Not sure how each side will argue their case, but I"m confident Norton will make the right decision.

Tacachale

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Re: The city moves to terminate the Landing's lease agreement.
« Reply #42 on: May 30, 2018, 10:22:46 AM »
You can't place all the blame on Sleiman. Most of his centers are pretty decent. They just happen to be strip malls in the suburbs. With that said, downtown would be lucky to have half of the tenants taking up space in most of his centers. I really wouldn't mind both of them working together and him running the Landing like he would any other property he owns. If the indecision caused by the continued disputes went away, the Landing would be completely different.

Sleiman deserves a lot of the blame. He's avoided renovating and maintenance for years in hopes of getting one of his "redevelopment" plans off the ground. All his proposals for years have involved razing the entire building and replacing it with something else, with a huge subsidy from the city to do it. I don't believe that if the city said they were dropping the suits tomorrow and agreed to maintain the surrounding area, that anything would change for the Landing.

It's a shame, because it really wouldn't need a huge investment from either party to renovate the place and get it reasonably functional. That predated the city's current conflict with Sleiman.
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jaxnyc79

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Re: The city moves to terminate the Landing's lease agreement.
« Reply #43 on: May 30, 2018, 10:41:33 AM »
You can't place all the blame on Sleiman. Most of his centers are pretty decent. They just happen to be strip malls in the suburbs. With that said, downtown would be lucky to have half of the tenants taking up space in most of his centers. I really wouldn't mind both of them working together and him running the Landing like he would any other property he owns. If the indecision caused by the continued disputes went away, the Landing would be completely different.

Sleiman deserves a lot of the blame. He's avoided renovating and maintenance for years in hopes of getting one of his "redevelopment" plans off the ground. All his proposals for years have involved razing the entire building and replacing it with something else, with a huge subsidy from the city to do it. I don't believe that if the city said they were dropping the suits tomorrow and agreed to maintain the surrounding area, that anything would change for the Landing.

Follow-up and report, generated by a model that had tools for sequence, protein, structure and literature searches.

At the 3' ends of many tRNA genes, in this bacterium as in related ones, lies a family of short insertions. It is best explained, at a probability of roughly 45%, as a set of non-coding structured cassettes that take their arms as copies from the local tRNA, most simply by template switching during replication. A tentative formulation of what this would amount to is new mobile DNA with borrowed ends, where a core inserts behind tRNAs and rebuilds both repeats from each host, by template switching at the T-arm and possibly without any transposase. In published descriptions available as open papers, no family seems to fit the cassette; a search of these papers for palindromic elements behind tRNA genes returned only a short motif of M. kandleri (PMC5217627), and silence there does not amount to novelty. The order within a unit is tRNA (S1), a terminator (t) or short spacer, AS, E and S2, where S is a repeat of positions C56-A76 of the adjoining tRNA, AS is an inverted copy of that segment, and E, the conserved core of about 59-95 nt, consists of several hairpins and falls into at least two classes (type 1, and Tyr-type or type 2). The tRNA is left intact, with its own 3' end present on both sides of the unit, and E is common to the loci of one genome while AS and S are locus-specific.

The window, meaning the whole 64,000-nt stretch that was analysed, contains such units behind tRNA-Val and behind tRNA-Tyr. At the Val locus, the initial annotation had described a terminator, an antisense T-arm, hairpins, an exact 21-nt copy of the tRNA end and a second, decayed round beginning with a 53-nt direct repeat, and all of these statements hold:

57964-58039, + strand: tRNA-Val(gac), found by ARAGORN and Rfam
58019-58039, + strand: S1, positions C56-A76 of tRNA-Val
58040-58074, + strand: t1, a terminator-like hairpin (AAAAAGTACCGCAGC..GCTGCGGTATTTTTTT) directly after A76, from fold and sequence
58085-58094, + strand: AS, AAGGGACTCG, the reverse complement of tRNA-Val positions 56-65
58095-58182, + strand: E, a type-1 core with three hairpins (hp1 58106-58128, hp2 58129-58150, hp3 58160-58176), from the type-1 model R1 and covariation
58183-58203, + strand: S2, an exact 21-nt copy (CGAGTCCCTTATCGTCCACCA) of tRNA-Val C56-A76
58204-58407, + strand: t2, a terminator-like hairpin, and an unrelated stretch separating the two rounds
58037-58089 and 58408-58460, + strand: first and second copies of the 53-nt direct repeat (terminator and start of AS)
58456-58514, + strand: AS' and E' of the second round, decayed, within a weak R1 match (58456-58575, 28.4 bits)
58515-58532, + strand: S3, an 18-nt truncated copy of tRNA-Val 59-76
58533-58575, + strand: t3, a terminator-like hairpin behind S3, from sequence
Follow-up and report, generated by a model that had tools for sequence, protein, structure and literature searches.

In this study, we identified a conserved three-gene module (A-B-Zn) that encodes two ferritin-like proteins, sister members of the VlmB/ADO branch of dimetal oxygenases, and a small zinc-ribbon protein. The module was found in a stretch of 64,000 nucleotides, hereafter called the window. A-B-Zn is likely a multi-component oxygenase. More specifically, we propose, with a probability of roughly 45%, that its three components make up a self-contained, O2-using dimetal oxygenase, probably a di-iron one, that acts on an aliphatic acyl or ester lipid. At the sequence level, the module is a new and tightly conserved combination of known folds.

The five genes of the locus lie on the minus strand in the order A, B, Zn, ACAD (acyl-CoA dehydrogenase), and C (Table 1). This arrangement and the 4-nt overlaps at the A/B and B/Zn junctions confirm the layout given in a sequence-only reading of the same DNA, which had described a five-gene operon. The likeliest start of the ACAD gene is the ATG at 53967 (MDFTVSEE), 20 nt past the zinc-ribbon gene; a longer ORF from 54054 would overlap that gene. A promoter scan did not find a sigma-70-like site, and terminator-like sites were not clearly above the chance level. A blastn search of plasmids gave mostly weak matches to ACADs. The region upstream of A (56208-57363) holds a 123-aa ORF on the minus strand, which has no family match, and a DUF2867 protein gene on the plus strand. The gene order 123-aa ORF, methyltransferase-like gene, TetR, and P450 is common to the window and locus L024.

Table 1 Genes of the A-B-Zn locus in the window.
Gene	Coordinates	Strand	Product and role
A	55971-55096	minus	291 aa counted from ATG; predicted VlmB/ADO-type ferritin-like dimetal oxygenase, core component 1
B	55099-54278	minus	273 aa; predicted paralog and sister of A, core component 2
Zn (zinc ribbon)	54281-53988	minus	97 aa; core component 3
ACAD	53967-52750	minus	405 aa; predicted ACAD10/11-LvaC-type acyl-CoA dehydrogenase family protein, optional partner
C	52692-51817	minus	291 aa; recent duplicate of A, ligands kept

It's a shame, because it really wouldn't need a huge investment from either party to renovate the place and get it reasonably functional. That predated the city's current conflict with Sleiman.

I also agree with this assessment.  Sleiman didn't really even buy the Landing, he thought he was buying the right to a generous stimulus package from Taxpayers.  Because he's not getting that stimulus package, it would appear his strategy is to let the place rot into such an embarassing reflection on the city, that the Mayoral Administration and Council would be guilted or cornered into giving him a stimulus package.  I'm sort of over the garage argument, and not just because downtown appears to be awash in dead-zone garages, but also because there was no garage when he bought the place decades ago.  A shopping village in the heart of the CBD should be able to make do and draw people without suburban-style parking conveniences.

vicupstate

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Re: The city moves to terminate the Landing's lease agreement.
« Reply #44 on: May 30, 2018, 10:48:02 AM »
No one would invest in a building if there is a reasonable expectation that it is going to be demolished. No one in their right mind would sign a long-term lease for space that is in such a state of uncertainty. 

The city needs to either sell the land to Sleiman with the understanding that no further obligations exist in terms of parking, etc. or buy the building from him  The bad blood is wide and deep and they are never going to be able to do any kind of joint venture or partnership.   

BTW, what ever came of this lawsuit:

By 2015, the “east parcel” of the property became the subject of a separate lawsuit between the city and JLI over unpaid property taxes and the purchase of an adjacent parking lot.